When I met with Salesforce.com's CEO Marc Benioff in London last week, he was on his way to the World Economic Forum at Davos in Switzerland to spread the word about corporate philanthropy.
For obvious reasons, the company doesn't make a lot of noise about its good works, but Salesforce.com has made a big commitment to supporting community service initiatives, both locally and internationally, through the salesforce.com/foundation, a public charity established at the same time as the company itself.
Benioff ensured that the company adopted a model of donating"It's quite selfish really," says Benioff 1% of equity, 1% of profits and 1% of employee time right from the start. Salesforce.com's IPO in the summer of 2004 instantly turned that 1% of equity into a $12 million asset base, turning the foundation into a substantial organization overnight. But the donation of staff time is the most important aspect of the arrangement in Benioff's view because it ensures the whole company participates in the philanthropic program, profoundly affecting the company's culture.
Since the IPO, the foundation's asset base has grown to $18 million, a substantial part of which comes from employee donations of their own stock. "A lot of our employees now who have this valuable stock, because it's cultural, are pushing it into the Foundation," Benioff told me. "It's great."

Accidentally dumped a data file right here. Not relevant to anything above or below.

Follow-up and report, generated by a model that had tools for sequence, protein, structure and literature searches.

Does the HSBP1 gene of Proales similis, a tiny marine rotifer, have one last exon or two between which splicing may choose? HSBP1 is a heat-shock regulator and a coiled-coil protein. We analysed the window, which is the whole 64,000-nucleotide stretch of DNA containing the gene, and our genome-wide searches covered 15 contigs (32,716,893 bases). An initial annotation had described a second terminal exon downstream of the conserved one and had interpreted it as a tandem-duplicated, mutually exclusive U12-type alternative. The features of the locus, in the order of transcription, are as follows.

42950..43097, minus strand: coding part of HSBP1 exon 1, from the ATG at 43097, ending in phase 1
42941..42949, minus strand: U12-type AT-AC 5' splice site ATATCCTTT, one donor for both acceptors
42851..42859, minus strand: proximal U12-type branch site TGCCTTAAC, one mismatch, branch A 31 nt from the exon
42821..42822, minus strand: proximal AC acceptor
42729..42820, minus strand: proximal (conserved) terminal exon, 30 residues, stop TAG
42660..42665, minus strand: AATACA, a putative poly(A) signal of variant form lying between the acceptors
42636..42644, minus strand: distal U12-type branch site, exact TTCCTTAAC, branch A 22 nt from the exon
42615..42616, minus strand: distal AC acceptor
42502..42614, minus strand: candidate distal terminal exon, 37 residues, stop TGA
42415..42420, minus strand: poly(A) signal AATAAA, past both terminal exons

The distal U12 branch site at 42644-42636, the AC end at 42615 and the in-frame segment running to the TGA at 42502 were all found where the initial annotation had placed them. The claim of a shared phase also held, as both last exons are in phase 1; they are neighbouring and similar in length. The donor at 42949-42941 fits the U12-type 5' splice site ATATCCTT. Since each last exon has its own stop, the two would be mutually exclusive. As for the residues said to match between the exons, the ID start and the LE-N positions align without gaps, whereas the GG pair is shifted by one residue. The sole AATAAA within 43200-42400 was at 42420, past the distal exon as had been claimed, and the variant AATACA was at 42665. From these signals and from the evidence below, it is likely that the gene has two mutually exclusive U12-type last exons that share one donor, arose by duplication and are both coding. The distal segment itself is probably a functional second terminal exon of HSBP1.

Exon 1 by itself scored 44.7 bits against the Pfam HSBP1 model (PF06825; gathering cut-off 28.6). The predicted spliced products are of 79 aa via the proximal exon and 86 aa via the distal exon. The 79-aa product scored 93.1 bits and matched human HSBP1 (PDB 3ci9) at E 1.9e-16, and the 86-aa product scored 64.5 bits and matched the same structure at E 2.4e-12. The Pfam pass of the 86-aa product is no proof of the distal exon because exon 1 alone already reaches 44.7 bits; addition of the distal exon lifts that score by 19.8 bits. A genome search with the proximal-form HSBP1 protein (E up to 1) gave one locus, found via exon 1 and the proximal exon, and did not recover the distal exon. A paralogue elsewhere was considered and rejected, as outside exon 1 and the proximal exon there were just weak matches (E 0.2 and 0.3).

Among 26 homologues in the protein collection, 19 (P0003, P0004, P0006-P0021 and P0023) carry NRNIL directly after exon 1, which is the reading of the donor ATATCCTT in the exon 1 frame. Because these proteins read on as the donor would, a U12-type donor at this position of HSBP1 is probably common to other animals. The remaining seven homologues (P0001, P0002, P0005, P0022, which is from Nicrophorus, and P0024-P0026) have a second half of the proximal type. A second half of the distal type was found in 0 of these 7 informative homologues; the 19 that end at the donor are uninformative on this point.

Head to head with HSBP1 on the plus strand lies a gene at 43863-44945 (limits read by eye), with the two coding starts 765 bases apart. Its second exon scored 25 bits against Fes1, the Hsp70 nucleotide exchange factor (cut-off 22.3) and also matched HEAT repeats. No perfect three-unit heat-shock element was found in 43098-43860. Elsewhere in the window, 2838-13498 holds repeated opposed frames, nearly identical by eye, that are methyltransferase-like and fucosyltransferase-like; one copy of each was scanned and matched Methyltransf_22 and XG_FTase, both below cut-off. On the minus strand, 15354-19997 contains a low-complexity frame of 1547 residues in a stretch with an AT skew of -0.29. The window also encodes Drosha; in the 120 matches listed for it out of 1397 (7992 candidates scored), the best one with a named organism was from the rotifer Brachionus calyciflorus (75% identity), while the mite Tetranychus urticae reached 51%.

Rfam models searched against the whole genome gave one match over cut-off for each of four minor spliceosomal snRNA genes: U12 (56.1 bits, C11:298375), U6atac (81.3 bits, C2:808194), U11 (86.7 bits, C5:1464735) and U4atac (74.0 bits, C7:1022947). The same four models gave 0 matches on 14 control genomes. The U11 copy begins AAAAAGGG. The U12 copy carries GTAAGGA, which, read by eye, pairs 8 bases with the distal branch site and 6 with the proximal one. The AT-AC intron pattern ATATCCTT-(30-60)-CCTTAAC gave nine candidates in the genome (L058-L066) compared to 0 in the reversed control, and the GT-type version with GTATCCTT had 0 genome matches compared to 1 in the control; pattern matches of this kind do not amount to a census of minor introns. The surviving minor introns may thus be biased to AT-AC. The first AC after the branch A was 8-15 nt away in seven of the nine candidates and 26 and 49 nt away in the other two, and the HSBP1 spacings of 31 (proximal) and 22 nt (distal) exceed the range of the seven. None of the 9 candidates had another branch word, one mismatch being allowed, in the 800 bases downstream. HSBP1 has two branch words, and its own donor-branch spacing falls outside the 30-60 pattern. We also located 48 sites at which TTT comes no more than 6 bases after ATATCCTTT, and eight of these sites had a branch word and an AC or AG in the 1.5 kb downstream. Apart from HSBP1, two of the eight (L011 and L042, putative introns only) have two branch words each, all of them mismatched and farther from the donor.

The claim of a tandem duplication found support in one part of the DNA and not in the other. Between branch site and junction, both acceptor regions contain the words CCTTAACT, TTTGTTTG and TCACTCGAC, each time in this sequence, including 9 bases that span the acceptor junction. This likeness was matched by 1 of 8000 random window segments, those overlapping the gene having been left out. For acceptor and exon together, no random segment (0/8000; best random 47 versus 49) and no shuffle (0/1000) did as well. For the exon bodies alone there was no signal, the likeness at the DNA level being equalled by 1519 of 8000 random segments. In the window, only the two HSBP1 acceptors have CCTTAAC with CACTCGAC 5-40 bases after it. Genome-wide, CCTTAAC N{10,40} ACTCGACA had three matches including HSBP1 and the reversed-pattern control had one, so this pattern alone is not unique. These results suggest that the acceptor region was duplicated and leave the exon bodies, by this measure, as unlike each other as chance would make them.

The Foundation itself now employs staff in Dublin, London and Tokyo as well as in New York and San Francisco. "Their total jobs are just to make sure our employees are out there doing the work," said Benioff. Some employees give their time on a regular basis to local initiatives, while others take up to six days a year to help schools in deprived areas around the world, visiting countries as diverse as Kenya, Brazil or Poland.
I asked Benioff how he answers critics who say that Salesforce.com shouldn't be spending resources this way when they ultimately belong to the company's shareholders.
"The reality is that this just makes a better company. It creates a better culture. You have a much more facilitative place [for staff], and there's a purpose to their work. So it's quite selfish really, because I think this is just one of the keys to creating a great company."
He acknowledges that putting in equity right from the start has made it easier for Salesforce than for most public companies, who would have to find the capital somewhere else if they wanted to copy his three-pronged model of equal proportions of equity, profit and employee time. "But here's the key: I think everybody just needs to do something."
Hence the journey to mix with the world's business and political elite at Davos, where salesforce.com/foundation is distributing preview excerpts of a new book Benioff is working on (a follow-up to Compassionate Capitalism, the book he launched at Davos in 2004). "Over twenty CEOs have written chapters in the book on how they do corporate philanthropy— and the thing is, there are lots of different models, it’s just that they haven’t been really well documented, and that’s really the key."